Multiple Semi-Selective Dye Indicator Formulations Each Reacting with a Plurality of Different Analyte Species
An alternative approach to making optical determinations and analytical measurements utilizes different and multiple dye indicator formulations concurrently, at least some dye indicator formulation reacting semi-selectively with the same species of analyte or ligand. The optical detection and measurement is made on the basis of spectral response patterns generated by the semi-selective, chemical sensing dye reagents. Each formulation of dye and polymer semi-selectively reacts with a plurality of different chemical compounds and compositions; and for each semi-selective reaction with an individual chemical compound, provides a spectral response pattern over time (by changes in energy intensity, or by changes in wavelength or both of these parameters) which is indicative of the event and consequence of the semi-selective reaction with species of analyte.
The plurality of semi-selective dye reagents immobilized on the reaction surface of the solid substrate will thus generate multiple optical signals over time which cumulatively and collectively form a spectral recognition pattern which is indicative and recognizable as a spectral pattern indicative of the presence of any analyte or ligand; and is the distinctive representational total of all the spectral responses from each of the different dye reagents immobilized on the substrate. For detection and evaluation purposes, the spectral recognition pattern would be stored in the retained memory of a computerized instrumentation system; and this spectral recognition pattern showing the response progressions serves as the spectral baseline and means for evaluation, as well as for recognizing, and identifying the presence or absence of an analyte or ligand in the testing system.
The use and apparatus for making optical determinations for the detection and measurement of at least one species of analyte using spectral recognition patterns and multiple semi-selective dye reagents in combination is disclosed in great detail within U.S. patent application Ser. No. 08/289,001 filed Aug. 11, 1994--the text of which is expressly incorporated by reference herein. Nevertheless, for purposes of the present invention, the manufacturer and/or ultimate user can immobilize and deposit a wide range and variety of different semi-selective dye indicator formulations and dye reagents on the reaction surface of the solid substrate. This discrete alternative format and mode of using semi-selective dyes provides both flexibility and meaningful choices for the optical apparatus in a degree not previously envisioned or possible before.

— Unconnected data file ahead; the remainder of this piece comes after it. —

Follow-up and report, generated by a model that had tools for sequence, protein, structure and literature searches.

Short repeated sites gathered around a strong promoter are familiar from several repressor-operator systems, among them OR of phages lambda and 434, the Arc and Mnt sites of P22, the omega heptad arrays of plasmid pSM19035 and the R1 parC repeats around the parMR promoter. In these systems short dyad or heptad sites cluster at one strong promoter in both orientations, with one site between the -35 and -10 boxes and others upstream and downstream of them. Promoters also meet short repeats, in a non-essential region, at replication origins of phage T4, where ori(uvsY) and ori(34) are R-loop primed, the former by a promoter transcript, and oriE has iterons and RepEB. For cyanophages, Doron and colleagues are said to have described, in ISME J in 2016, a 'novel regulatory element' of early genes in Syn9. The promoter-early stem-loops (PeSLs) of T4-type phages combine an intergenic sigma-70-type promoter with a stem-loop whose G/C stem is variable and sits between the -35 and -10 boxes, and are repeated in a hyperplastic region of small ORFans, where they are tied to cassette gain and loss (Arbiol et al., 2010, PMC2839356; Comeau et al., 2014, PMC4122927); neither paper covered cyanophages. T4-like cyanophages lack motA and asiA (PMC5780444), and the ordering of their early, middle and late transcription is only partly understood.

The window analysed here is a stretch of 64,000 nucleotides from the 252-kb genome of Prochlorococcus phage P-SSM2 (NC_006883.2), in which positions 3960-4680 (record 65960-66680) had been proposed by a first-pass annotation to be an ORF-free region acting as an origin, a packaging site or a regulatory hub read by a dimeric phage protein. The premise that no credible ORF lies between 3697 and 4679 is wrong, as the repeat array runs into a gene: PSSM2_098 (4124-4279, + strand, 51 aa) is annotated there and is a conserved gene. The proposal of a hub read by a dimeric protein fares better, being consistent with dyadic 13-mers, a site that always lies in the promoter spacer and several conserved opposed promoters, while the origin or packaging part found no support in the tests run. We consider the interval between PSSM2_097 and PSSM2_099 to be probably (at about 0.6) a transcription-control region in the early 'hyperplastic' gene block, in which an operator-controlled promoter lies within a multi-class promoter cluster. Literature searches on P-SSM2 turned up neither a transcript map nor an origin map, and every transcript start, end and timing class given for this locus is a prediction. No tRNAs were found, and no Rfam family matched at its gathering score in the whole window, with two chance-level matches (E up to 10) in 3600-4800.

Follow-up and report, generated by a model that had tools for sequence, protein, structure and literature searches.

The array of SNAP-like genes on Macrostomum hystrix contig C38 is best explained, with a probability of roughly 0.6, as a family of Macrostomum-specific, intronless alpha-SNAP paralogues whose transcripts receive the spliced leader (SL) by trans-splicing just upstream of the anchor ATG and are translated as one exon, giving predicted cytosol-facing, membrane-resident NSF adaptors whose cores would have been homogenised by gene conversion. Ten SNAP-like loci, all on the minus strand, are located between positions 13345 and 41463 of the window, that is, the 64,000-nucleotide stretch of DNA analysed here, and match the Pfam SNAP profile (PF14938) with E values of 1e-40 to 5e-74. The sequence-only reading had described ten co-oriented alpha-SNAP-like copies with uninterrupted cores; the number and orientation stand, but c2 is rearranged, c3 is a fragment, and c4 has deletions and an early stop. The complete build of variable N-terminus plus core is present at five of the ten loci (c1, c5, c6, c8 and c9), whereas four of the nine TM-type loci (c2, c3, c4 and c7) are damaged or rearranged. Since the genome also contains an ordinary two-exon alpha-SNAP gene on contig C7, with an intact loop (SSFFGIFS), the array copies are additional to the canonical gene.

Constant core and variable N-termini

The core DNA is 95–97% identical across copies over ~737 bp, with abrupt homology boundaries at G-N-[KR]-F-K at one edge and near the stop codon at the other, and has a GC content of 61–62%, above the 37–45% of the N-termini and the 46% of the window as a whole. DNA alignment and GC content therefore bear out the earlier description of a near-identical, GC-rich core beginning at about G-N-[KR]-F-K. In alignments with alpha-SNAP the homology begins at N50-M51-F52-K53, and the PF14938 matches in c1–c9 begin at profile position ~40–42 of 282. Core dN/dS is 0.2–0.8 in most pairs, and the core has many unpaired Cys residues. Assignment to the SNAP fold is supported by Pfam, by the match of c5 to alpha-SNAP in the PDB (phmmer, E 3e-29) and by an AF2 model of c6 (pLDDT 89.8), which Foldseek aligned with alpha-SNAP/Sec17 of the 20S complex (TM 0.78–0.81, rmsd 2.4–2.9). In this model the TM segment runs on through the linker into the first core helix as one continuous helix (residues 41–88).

C. Disposition of Dye Indicator Formulations
Multiple methods of dye indicator disposition and immobilization are conventionally known. Thus, one may prepare a specific fluorescent indicator or colorimetric formulation comprising one or more dyes as well as other chemical compounds; and dispose the dye formulation either randomly over the entire surface or at a specific spatial position and location on the reaction surface of the solid substrate. Among the conventional practices of dye deposition and immobilization, a variety of polymerization processes are known including thermal techniques, ionization methods, plasma methods, and electroinitiation procedures. These different methodologies are exemplified by the following publications, the text of each being expressly incorporated by reference herein. Thermal methods: Graham et. al., J. Org. Chem. 44: 907 (1979); Stickler, M. and G. Meyeroff, Makromal. Chem. 179: 2729 (1978); and Brand et. al., Makromol. Chem. 181: 913 (1980). Ionization methods: A. Chapiro, Radiation Chemistry of Polymer Systems, Chapter IV, Wiley - Intersciences, Inc., New York, 1962; J. E. Wilson, Radiation Chemistry of Monomers, Polymers, and Plastics, chapters 1-5, Marcel Dekker, New York, 1974. Plasma Methods: Yasuda, W. and T. S. Hsu, J. Polym. Sci. Polym., Chem. Ed. 15: 81 (1977); Tibbett et. al., Macromolecules 10: 647 (1977). Electroinitiation methods: Pistoria, G. and O. Bagnarelli, J. Polym. Sci. Polym, Chem. Ed. 17: 1001 (1979); and Philips et. al., J. Polym. Sci. Polym. Chem. Ed. 15: 1563 (1977).
The preferred method of dye indicator disposition and immobilization for the present invention is via the process known as photoactivation; and employs one or more photoactivated monomer preparations in admixture with one or more pre-chosen light energy absorbing dyes as a photopolymerizable formulation. Such monomer preparations typically comprise solutions of several monomers in admixture and a concentration of at least one light energy absorbing dye conjugated to an organic carrier which can be chemically cross-linked. A representative listing of different monomer compositions suitable for preparing an admixture which subsequently can be photopolymerized are given by Table 6; and an illustrative listing of conjugated dyes ready for admixture and photopolymerization is given by Table 7 below.
TABLE 6______________________________________A. Monomers acrylamide N,N-methylene bis (acrylamide) hydroxyethylmethacrylate styrene vinylacetate (N-(3-aminopropyl) meth-acrylamide hydrochloride Kodak, Inc.!B. Comonomer with dimethylsiloxane (acryloxypropy) methyl (15-20%) (aminopropyl) methyl (3-5%) (methacryloxypropyl) methyl (2-3%)C. T-structure Dolydimethylsiloxanes methacryloxypropyl (25-50%) vinyl 50-75%)______________________________________